‘Western destabilizing Mid-Eastern policy makes UK a target for terror threat’

‘Western destabilizing Mid-Eastern policy makes UK a target for terror threat’
The potential of Britain becoming a target for terrorist attacks comes as a consequence of the destabilization of the Arab world, and as a consequence of American, NATO and Western policy in the Middle East, political analyst Chris Bambery told RT.

The famous Royal guards in London that attract millions of tourists are now standing behind bars accompanied by armed police officers because of a possible terrorist attack. It shows the concerns over a possible ‘lone wolf’ attack are more than serious.

RT:Why do you think the Royal guards are a target? Why?

Chris Bambery: I suspect anything could be a target. The security forces, which they are part of, are obviously a target. I think the potential for Britain becoming a target of terrorist attacks is obvious. We participated with gusto, invasions both in Afghanistan and Iraq, the bombing campaign in Libya which overthrew the Gaddafi regime, and David Cameron’s government wanted to intervene in Syria but was stopped by the British Parliament. Therefore, its foreign policy record around the world is one that is backing up the US at every conceivable opportunity on waging war in Muslim countries. Our record in Palestine is the one that’s supporting Israel, and the latest war in Gaza of just a couple of months this summer. At home there has been a constant flow of Islamophobia from the media and from politicians, justifying the so-called ‘war on terror’. All of that creates what is called in the trade ‘a blowback’, which means that the individuals who have been alienated from British society, Muslims within this country, might turn to terrorism, which is what we saw in 2005 of course with the bombings in London, and we have seen in subsequent instances like the killing of Lee Rigby earlier this year. However, I also think we have to say that you are more likely to die of a domestic accident in Britain than in a terrorist attack. I think we need to get the terrorist threat posed here in perspective and also say where this is coming from. It’s coming as a consequence of British foreign policy.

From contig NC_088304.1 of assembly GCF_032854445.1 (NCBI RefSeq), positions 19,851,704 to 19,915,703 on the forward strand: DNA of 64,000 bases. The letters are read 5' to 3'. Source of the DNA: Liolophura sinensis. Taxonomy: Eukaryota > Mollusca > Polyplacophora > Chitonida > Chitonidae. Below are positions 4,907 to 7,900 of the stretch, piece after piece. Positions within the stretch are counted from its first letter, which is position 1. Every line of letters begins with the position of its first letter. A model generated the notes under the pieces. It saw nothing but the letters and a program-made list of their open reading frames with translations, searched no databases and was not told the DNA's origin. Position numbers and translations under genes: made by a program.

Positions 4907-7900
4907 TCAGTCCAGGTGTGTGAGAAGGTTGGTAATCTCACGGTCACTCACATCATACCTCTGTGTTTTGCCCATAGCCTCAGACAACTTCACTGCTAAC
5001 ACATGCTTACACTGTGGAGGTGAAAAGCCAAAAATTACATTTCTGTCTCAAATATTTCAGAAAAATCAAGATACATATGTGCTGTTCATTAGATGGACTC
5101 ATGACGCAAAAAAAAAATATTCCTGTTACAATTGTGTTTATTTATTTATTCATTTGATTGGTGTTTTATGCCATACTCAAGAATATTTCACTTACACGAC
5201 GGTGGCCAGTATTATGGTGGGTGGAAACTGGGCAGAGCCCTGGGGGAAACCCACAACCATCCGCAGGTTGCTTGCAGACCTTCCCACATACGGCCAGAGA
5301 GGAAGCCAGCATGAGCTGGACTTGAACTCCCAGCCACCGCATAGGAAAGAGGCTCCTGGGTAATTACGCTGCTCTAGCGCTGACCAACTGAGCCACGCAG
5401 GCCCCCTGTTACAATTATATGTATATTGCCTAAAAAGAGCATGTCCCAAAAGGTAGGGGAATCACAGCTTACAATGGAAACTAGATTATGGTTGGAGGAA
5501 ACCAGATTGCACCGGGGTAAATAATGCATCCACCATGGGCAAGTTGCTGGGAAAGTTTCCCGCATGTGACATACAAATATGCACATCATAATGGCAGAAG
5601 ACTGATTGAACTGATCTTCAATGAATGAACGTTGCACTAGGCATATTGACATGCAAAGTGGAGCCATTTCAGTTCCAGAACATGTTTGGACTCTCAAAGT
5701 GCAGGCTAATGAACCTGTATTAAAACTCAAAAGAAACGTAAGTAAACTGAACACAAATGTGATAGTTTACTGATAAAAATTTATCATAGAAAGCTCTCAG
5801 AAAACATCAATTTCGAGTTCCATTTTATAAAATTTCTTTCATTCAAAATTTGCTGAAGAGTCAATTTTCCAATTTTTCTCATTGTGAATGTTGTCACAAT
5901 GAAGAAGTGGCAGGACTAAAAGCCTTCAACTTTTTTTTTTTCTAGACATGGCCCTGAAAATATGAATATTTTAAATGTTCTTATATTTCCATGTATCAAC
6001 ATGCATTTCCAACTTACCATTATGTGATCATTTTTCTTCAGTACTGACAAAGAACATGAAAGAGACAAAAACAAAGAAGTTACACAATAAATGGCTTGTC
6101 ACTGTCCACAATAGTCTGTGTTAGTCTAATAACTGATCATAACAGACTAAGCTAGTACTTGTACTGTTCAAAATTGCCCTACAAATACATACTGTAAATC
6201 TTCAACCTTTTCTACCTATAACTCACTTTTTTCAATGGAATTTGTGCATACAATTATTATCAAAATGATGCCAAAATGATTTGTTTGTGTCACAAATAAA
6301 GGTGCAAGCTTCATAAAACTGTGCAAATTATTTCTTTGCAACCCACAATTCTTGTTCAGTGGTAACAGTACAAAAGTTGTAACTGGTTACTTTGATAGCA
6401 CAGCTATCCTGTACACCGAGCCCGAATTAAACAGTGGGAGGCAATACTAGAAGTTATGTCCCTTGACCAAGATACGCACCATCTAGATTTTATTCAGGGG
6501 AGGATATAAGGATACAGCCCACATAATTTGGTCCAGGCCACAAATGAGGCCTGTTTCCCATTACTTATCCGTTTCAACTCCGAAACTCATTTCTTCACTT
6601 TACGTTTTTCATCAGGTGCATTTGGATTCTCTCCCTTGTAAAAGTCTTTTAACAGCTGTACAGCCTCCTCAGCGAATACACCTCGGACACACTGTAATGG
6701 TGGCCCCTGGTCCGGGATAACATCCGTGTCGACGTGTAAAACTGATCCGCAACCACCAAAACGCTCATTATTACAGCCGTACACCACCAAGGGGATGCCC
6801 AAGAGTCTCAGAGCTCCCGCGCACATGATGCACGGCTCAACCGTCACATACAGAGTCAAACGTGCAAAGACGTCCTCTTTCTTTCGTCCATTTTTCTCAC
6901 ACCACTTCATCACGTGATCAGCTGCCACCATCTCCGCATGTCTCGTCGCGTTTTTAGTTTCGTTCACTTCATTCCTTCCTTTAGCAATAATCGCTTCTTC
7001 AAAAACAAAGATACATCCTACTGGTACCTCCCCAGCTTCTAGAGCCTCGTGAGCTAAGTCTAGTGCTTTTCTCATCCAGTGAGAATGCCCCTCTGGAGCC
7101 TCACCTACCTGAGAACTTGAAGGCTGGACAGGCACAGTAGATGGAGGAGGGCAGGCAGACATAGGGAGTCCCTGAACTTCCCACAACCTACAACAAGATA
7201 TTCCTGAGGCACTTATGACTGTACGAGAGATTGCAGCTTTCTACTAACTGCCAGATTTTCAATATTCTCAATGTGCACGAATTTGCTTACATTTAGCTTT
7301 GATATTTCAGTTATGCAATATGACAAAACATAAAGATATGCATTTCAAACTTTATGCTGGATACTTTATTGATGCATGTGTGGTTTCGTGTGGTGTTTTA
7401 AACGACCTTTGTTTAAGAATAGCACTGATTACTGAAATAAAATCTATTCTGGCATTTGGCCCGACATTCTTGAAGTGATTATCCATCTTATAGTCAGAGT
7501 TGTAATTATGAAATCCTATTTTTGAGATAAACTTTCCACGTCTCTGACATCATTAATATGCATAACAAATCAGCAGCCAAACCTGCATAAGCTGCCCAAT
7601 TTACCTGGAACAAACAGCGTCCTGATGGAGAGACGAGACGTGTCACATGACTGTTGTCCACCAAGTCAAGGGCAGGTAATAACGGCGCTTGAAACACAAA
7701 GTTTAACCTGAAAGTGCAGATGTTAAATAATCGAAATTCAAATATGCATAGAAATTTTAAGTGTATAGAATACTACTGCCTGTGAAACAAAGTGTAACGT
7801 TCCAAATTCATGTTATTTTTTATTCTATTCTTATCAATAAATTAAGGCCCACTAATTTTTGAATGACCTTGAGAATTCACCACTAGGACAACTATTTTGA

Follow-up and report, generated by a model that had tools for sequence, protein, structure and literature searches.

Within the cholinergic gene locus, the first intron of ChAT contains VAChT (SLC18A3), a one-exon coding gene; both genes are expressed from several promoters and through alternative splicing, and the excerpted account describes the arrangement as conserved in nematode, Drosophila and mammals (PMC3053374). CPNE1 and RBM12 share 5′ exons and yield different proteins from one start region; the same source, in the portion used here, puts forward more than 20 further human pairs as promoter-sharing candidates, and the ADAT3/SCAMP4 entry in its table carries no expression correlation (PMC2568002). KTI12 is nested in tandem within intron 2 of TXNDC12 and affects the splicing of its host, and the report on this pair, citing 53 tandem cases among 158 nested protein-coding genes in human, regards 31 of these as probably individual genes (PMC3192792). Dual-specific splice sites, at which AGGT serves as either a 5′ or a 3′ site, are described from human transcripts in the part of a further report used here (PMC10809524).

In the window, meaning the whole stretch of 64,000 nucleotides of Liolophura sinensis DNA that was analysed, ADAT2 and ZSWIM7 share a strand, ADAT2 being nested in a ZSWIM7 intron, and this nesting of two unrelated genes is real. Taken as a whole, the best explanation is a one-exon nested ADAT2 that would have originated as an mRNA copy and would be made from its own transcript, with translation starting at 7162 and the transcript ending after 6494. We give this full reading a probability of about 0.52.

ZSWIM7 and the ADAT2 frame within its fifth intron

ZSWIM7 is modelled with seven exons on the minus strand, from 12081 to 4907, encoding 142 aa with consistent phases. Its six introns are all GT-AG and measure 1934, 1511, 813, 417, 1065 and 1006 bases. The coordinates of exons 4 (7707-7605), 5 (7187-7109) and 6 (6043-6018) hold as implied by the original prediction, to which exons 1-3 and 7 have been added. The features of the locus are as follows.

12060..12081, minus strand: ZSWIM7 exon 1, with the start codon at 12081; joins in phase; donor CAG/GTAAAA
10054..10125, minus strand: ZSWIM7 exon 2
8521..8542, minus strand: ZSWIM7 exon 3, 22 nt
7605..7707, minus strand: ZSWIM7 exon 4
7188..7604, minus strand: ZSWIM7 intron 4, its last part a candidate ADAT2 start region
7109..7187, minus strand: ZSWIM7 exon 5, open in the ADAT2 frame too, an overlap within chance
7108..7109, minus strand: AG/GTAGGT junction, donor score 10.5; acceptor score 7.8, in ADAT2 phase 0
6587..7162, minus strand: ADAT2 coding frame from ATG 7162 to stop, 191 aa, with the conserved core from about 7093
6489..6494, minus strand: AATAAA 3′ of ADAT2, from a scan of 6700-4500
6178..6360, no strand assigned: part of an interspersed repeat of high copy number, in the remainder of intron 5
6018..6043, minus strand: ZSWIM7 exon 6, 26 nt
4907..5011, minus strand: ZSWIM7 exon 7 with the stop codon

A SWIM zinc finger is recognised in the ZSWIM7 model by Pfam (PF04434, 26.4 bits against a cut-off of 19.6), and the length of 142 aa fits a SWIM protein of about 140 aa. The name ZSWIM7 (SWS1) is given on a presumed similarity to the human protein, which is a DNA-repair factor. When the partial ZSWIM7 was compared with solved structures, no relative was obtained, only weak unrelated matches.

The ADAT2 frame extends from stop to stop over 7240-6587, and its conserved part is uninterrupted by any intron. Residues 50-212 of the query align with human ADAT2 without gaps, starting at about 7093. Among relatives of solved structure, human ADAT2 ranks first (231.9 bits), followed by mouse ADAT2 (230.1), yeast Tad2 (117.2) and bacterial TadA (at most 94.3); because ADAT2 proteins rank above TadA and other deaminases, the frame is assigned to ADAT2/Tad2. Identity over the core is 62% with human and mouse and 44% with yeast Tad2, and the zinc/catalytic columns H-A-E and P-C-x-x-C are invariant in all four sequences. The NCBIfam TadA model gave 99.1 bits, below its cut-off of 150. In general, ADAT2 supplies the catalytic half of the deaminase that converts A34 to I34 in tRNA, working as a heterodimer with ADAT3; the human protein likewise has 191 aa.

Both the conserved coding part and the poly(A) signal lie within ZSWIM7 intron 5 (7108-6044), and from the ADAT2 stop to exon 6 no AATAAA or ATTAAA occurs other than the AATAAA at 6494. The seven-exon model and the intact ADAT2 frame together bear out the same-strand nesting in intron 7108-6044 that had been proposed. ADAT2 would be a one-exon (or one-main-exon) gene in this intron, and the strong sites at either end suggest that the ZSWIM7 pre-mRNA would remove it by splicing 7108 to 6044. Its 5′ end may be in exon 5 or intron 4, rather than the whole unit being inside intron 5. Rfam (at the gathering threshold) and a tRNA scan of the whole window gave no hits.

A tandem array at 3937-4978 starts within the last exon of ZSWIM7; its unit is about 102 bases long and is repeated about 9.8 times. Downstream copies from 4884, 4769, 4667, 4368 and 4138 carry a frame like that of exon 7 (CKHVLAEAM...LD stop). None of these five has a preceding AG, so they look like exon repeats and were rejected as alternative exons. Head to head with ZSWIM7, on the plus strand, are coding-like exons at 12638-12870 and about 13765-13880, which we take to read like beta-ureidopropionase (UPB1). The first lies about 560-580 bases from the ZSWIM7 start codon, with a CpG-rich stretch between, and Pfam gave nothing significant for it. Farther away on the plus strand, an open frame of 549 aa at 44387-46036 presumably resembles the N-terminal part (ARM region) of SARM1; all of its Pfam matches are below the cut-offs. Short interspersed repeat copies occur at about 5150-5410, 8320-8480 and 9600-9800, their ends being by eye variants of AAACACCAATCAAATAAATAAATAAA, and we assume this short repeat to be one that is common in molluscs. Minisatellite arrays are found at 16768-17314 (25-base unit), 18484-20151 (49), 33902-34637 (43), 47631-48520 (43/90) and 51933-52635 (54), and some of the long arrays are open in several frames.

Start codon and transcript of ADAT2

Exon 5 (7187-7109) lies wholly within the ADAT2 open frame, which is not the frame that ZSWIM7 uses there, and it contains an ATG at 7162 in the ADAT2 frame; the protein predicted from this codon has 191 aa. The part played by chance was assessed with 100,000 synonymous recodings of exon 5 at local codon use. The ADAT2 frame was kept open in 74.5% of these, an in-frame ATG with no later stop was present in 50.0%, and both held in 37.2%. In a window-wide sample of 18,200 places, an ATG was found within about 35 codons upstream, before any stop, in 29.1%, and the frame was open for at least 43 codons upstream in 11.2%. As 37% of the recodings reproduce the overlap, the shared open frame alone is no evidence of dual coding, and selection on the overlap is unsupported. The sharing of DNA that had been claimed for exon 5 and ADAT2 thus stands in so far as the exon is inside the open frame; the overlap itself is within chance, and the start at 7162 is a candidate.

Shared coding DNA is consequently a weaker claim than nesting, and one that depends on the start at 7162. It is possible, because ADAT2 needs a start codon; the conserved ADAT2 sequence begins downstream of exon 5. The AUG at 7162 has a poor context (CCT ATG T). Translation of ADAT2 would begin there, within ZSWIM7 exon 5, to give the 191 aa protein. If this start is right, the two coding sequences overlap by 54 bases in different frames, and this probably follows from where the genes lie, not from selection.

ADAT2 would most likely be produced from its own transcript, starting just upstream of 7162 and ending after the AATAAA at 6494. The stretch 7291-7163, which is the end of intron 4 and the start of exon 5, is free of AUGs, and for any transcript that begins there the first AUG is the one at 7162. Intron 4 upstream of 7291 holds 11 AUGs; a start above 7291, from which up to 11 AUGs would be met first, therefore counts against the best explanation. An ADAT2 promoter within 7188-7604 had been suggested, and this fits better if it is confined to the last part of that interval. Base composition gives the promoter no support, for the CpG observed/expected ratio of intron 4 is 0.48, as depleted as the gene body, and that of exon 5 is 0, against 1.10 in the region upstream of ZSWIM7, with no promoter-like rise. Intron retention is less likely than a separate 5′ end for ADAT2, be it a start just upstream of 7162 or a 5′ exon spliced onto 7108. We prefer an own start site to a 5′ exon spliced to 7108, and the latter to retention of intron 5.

Reuters / Luke MacGregor

RT:Moving the royal guards may be symbolic, but does it send a wider message that those threatening terror are getting their way, and spreading enough fear?

CB: I think it does in a sense and I’m quite surprised by this move. This is a real symbol - Changing the Guard at Buckingham Palace is a song that kids grow up with in this country, it’s in the package that tourists come to get themselves photographed with. Changing in this way does seem to me as giving in a little bit to this supposed threat. I would have thought that if you have been to Buckingham Palace, the level of security is fairly high anyway, it’s obviously fairly high, and it’s under very tight surveillance. There are more obvious targets such as the transport system…But the message from governments has always been ‘Don’t panic, carry on life as normal, don’t give in to terrorism’. And yet, at the Queen’s house we see precisely what has been taking place. I’m rather perplexed why they have done this and why they have done this in such a glare of publicity, unless there is of course some interest in building up the idea that Britain is going to be the next target of these terrorists around the globe.

RT:The UK’s Home Secretary has upgraded the level of threat from ‘substantial’ to ‘severe’. What message are they sending? Do you think there is a real threat?

CB: There could be a threat. I’ll give you one example why there could be a threat. Not so far from the shores of southern Europe, in Libya, Islamic State now has a training camp. They were able to do that because of the chaos which has been unleashed in Libya since the NATO intervention spearheaded by Britain and France. We have brought that country to complete chaos and we have allowed terrorist groups linked to al-Qaeda and Islamic State into that country, and indeed elsewhere in North Africa. That is within spitting distance of Europe’s borders and it obviously represents something of a threat. But the threat is there as a consequence of British and French action in carrying out that campaign against Libya. We have to look a bit beyond what the immediate threat is and say why this specter of terrorism has come to haunt us so much. And it comes as a consequence of a destabilization of so much the Arab and indeed Muslim world, as a consequence of American, NATO and Western policy.

The statements, views and opinions expressed in this column are solely those of the author and do not necessarily represent those of RT.